Cytomegalovirus (CMV), a member of the virus family Herpesviridae, is the most common viral infection in humans. In healthy individuals, it is usually asymptomatic or accompanied by mild fever and fatigue, and may persist as a latent or chronic infection. However, in individuals with a compromised immune system, such as those suffering from AIDS, CMV infection is accompanied by a wide range of life threatening symptoms. Congenital transmission of CMV occurs most often during primary infection, and can result in severe disability and even death for the unborn child.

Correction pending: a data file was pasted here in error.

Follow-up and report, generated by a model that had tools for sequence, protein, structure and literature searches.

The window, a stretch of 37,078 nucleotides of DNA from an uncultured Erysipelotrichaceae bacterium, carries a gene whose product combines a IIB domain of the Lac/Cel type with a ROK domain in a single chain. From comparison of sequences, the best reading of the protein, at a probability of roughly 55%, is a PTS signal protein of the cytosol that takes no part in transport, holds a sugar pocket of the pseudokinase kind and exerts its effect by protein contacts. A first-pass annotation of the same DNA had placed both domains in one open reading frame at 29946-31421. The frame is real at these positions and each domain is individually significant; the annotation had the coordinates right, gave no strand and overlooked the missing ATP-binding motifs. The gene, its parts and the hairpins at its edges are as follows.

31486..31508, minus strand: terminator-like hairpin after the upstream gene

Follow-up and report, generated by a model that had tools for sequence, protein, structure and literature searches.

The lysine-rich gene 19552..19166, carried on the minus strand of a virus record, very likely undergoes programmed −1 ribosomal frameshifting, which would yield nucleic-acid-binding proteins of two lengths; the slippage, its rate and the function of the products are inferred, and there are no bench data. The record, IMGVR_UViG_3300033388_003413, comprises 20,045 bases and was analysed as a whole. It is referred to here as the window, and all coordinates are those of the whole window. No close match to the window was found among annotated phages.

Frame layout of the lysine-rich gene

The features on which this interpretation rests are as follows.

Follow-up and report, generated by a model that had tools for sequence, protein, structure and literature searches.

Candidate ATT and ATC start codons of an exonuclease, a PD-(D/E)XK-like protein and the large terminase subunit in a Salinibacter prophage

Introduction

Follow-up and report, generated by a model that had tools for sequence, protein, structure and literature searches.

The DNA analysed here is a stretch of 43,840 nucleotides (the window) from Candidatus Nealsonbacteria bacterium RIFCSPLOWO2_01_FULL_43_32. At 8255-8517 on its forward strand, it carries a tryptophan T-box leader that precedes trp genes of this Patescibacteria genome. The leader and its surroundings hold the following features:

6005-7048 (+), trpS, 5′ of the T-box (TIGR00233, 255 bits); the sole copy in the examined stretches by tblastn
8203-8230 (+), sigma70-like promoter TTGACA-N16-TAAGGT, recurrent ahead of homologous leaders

During primary CMV infection, IgM antibodies can be detected during the first 2-3 weeks and can persist for 6-9 months. IgG antibodies are produced following acute infection and remain detectable for life. During virus reactivation, IgM levels may increase again, and thus the most reliable method of identifying primary infection is by seroconversion of IgG. Congenital transmission occurs most often during primary infection of a pregnant woman. Therefore, serological procedures that detect and distinguish between IgM and IgG anti-CMV antibodies are an important aid in the discrimination of primary and recurrent CMV infections, especially during pregnancy.